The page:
Ever since death entered into the world it has been our constant foe. It lurks around the corner as an ever present threat. We may try to ignore it and act like it doesn’t exist, but we only fool ourselves. We may try to fight it, and we should, health and vitality and life should be important to us, but in the end death still claims us. No amount of eating kale will save us, no gun or weapon, and no machine will keep us alive forever.


In all of human history only one man has ever proven that he has power over death. Only one. In the vision that Saint John had of the redeemed gathered in heaven the multitude are singing this song: “salvation belongs to our God who is seated on the throne and to the Lamb.” And the angels replied: “Amen! Blessing and glory and wisdom and thanksgiving and honor and power and might be to our God forever and ever! Amen.”


Salvation belongs to our God and to the Lamb. Nothing on this earth has the power to save us. Nothing on this earth is eternal. We have not here a lasting city. That does not mean that we are to live only for the moment with no thought to the future. We are not told to be foolish, but rather we are encouraged to always keep an eye on our ultimate future. We are told to recognize that our true salvation belongs to God and to his son, the Lamb, not to the stuff of this world which so preoccupies us.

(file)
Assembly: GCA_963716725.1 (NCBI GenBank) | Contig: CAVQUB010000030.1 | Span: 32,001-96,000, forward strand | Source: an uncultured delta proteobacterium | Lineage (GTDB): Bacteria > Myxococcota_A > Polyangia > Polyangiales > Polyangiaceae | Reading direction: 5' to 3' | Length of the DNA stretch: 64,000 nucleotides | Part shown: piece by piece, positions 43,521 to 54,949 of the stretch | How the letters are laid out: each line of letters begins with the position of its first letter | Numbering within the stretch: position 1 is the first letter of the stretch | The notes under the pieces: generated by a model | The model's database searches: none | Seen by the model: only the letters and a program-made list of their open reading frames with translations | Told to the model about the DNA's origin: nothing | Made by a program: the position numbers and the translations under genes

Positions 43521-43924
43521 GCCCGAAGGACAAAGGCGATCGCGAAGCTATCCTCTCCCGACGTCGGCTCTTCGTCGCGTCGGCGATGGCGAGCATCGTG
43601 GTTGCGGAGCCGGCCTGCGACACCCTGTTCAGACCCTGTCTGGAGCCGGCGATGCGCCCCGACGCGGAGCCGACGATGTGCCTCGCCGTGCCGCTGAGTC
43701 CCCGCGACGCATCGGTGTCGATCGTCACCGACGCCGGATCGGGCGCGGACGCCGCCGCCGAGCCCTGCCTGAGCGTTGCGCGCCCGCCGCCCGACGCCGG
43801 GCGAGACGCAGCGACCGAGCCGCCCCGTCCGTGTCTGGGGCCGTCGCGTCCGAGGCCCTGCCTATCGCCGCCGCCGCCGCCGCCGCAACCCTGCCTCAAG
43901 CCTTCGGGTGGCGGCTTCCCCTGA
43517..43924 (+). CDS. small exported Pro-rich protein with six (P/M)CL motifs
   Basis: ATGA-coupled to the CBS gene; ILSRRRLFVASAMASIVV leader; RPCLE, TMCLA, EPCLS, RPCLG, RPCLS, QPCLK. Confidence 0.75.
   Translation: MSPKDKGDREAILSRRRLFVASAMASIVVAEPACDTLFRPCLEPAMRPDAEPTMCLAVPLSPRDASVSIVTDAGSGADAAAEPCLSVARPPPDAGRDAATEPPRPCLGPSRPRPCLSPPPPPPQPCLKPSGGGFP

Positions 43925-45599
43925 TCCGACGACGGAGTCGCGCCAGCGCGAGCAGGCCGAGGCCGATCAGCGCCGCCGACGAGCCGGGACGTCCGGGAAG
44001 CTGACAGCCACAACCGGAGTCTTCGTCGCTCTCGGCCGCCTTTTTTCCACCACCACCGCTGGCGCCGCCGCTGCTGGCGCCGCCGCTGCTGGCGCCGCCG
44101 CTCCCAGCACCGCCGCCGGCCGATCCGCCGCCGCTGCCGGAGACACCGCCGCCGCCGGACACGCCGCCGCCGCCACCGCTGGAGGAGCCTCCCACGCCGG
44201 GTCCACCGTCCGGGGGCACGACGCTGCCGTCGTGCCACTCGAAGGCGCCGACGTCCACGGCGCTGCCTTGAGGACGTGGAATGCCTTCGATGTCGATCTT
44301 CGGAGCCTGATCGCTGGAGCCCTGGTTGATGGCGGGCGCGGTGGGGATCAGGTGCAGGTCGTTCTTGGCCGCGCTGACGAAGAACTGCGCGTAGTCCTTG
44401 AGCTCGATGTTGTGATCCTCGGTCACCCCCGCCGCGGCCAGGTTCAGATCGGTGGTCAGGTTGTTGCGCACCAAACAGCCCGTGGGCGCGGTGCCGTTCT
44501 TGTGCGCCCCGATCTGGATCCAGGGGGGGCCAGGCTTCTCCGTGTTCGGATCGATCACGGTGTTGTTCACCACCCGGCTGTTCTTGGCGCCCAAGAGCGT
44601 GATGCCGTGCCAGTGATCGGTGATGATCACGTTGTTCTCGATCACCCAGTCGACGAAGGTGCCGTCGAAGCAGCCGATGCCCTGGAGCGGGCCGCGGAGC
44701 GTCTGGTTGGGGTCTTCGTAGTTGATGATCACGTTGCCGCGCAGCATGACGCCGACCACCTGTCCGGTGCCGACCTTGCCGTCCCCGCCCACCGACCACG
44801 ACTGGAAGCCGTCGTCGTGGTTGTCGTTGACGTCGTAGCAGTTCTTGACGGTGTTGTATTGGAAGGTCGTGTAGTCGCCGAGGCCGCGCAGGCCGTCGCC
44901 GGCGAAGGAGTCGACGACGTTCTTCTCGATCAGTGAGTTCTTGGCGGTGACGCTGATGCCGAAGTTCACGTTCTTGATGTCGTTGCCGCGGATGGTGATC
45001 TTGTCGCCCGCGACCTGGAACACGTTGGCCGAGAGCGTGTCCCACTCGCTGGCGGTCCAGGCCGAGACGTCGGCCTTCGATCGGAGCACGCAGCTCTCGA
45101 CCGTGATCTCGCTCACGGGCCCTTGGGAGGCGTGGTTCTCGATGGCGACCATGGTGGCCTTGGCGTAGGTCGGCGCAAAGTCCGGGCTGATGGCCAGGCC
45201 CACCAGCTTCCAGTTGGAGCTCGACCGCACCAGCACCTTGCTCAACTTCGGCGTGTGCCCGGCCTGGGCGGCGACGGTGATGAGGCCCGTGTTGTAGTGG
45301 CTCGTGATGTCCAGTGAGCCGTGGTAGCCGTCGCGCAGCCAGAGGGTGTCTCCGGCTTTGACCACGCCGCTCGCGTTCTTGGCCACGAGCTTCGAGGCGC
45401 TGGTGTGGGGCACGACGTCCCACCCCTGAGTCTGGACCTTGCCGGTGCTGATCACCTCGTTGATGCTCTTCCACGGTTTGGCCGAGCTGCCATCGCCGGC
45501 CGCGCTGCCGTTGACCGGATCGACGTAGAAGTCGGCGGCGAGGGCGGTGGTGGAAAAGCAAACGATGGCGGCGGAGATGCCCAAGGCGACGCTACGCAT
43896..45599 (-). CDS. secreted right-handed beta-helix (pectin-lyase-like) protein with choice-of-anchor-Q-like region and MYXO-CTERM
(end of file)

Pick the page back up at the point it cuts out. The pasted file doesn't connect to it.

The whole passage from Hebrews says:


 “For here we have no lasting city, but we are looking for the city that is to come. Through him, then, let us continually offer a sacrifice of praise to God, that is, the fruit of lips that confess his name. Do not neglect to do good and to share what you have, for such sacrifices are pleasing to God.”


We must always keep an eye on the city that is to come. Salvation belongs to God, and through the life, death and resurrection of his Son Jesus Christ, the Lamb, he has offered it to us. We have been given the promise of living in that everlasting city of God. Death, which we could never defeat on our own has been beaten for us. We don’t know exactly what the next life will be like, but we have witnessed the resurrection of our Lord Jesus Christ, (the first fruit) and our faith is that by living in him and sharing in his life, we too will share in that resurrection. We too will be like him.